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How do I calculate a Pendulums energy loss?

  1. Jun 7, 2014 #1
    1. The problem statement, all variables and given/known data

    How would I go about finding the energy loss of a Pendulum from top (Ep) to Bot (Ek)

    Mass= 2.0kg
    Length= 0.38m
    height= 0.05091m
    theta= 30°


    2. The attempt at a solution

    I know that we could find Ep by going mgh (2.0kg)(9.81m/s)(0.05091m)=1.0J of Ep

    But how would I calculate Ek at the bottom and the amount of energy loss from Ep to Ek due to friction?
     
  2. jcsd
  3. Jun 7, 2014 #2
    If you ignore friction, your kinetic energy at the bottom of the swing would be equivalent to the gravitational potential. However without a second piece of information you can't determine what any losses are. Ideally you would need the speed of the pendulum at the bottom of the swing, or how high it reached on the other side.
     
  4. Jun 7, 2014 #3
    What would I need to do after if I find out how high it reached on the other side?
     
  5. Jun 7, 2014 #4

    Nathanael

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    The difference in gravitational potential energy between the original height and the new height would be the energy lost to friction.

    However that would be the energy lost to friction from the top to the "new top" whereas you wanted to find the energy lost to friction from the top to the bottom.


    Ideally you would want to know the speed at the bottom (so you could calculate the kinetic energy)
     
  6. Jun 7, 2014 #5
    How would I go about finding the velocity?

    I have tried √2gh but that is for no friction and that all Ep tranfers to Ek
     
  7. Jun 7, 2014 #6
    Yes, for the idealized case. Like I stated you can't solve this problem fully without more information specified. You don't have enough known values unfortunately.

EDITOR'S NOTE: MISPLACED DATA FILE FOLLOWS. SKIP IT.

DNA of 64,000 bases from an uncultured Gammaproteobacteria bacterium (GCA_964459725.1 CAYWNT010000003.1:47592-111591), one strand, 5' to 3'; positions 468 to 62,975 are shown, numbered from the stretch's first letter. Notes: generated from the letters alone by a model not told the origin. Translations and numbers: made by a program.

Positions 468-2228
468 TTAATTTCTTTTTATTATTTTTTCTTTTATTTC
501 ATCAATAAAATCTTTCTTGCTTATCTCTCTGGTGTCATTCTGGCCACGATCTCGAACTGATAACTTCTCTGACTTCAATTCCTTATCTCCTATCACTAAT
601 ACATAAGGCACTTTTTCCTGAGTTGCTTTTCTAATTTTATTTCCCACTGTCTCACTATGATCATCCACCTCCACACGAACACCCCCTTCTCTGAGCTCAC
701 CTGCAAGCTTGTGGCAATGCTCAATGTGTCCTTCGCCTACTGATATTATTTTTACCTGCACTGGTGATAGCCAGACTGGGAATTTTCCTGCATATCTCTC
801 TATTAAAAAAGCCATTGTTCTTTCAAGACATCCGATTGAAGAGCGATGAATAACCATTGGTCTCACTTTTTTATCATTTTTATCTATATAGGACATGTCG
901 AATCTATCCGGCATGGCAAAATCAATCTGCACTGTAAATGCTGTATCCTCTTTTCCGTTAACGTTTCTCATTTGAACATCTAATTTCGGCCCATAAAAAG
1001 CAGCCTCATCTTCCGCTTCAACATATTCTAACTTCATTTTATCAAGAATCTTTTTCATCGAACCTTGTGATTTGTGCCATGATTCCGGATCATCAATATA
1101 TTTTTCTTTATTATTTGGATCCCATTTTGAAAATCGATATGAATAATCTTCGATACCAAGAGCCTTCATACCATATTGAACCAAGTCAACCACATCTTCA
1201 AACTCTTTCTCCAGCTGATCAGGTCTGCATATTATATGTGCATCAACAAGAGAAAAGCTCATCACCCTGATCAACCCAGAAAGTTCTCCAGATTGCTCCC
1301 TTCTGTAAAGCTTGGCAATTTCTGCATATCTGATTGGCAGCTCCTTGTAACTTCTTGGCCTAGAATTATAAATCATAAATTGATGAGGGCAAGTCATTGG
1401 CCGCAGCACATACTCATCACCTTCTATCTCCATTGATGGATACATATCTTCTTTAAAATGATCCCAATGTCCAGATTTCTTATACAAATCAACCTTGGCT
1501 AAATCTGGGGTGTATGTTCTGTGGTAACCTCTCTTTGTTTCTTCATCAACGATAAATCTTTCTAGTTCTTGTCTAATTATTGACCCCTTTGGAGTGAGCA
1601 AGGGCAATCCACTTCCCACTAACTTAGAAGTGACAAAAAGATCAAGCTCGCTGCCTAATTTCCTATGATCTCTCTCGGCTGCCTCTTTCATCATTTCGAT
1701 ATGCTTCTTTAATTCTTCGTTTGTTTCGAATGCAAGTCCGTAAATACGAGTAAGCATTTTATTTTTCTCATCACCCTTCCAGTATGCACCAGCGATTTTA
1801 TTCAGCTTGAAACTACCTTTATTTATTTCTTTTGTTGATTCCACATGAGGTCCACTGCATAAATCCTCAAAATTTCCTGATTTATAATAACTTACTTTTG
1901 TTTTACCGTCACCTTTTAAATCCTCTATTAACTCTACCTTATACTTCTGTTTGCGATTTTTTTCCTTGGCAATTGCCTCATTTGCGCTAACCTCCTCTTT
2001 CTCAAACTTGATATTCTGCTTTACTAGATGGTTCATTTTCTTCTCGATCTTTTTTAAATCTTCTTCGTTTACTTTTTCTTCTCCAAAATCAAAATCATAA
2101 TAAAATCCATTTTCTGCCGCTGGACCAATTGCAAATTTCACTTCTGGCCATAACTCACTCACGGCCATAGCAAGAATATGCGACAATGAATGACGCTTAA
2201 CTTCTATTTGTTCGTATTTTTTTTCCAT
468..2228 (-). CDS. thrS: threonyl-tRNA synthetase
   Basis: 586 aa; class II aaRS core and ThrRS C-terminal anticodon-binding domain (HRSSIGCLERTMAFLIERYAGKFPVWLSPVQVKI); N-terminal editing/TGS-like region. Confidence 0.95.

The best you can do is solve it symbolically.

    [tex]E_{kinetic}=E_{friction}+E_{potential}[/tex]

    Fill in the blank for potential, and isolate variables as desired.
     
  8. Jun 8, 2014 #7

    haruspex

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    Is that the whole question? Are you sure you've left nothing out?
     
  9. Jun 8, 2014 #8
    It wasnt really a question, more like a problem I came up with. I am suppose to make a device that could transfer close to 1 J of energy from one form to another with a energy loss of 5% of less. I was planing to make a pendulum and with the data I giving I could get 1 J of Ep but cant really calculate the loss of energy at Ek. So I guess this was a failed idea.
     
  10. Jun 8, 2014 #9

    Nathanael

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    Not necessarily. (You should've said that was your intention from the start.)

    You do know one thing: the energy lost to friction from the original height to the height on the other side (which you could calculate, right?) will be more than (or at best, equal to) the energy lost to friction from the top to bottom.

    So if the energy lost in the first swing (from original height to the new height) is 5% or less, then the energy lost form the original height to the bottom will be 5% or less (most likely less)


    And thus:
    if you can show that the pendulum swings to 95% (or more) of it's original height (on the first swing) then you've essentially proven that you have converted gravitational potential energy into kinetic energy with less than 5% energy loss
     
  11. Jun 8, 2014 #10
    Yea I should of. Even if I do this this way, could I find out exactly what Ek equals to? or is there really no way of finding the value of Ek in this situation?
     
  12. Jun 8, 2014 #11

    Nathanael

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    You could approximate it fairly accurately, but I can't think of any way to find an exact value of the kinetic energy without directly measuring the speed.
    (If you understand how the friction works, (which I don't tbh,) then you could maybe calculate the kinetic energy. For example, if you somehow know that the same amount of friction is lost per distance that it swings, then you could calculate the frictional loss from original height to new height, then use that to find the friction loss per distance, then use that to calculate the frictional loss from top to bottom, and thus calculate the kinetic energy.)


    But as long as all you need to do is prove that it's at least 95% efficient, the method in my last post should suffice (assuming you have some way to measure the height it swings to)
     
  13. Jun 8, 2014 #12

    haruspex

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    It'll be a frictional torque, proportional to the tension in the pendulum. Ignoring the slight increase from the centripetal force when at bottom of swing, that'll be mg cos(θ) when at angle θ to vertical. Integrating, work is mgr sin(ψ) per quarter oscillation, where ψ is the swing amplitude. Since this reduces the amplitude, we get a recurrence relation on ψn.
    5% loss per swing would be a very poor pendulum.
     
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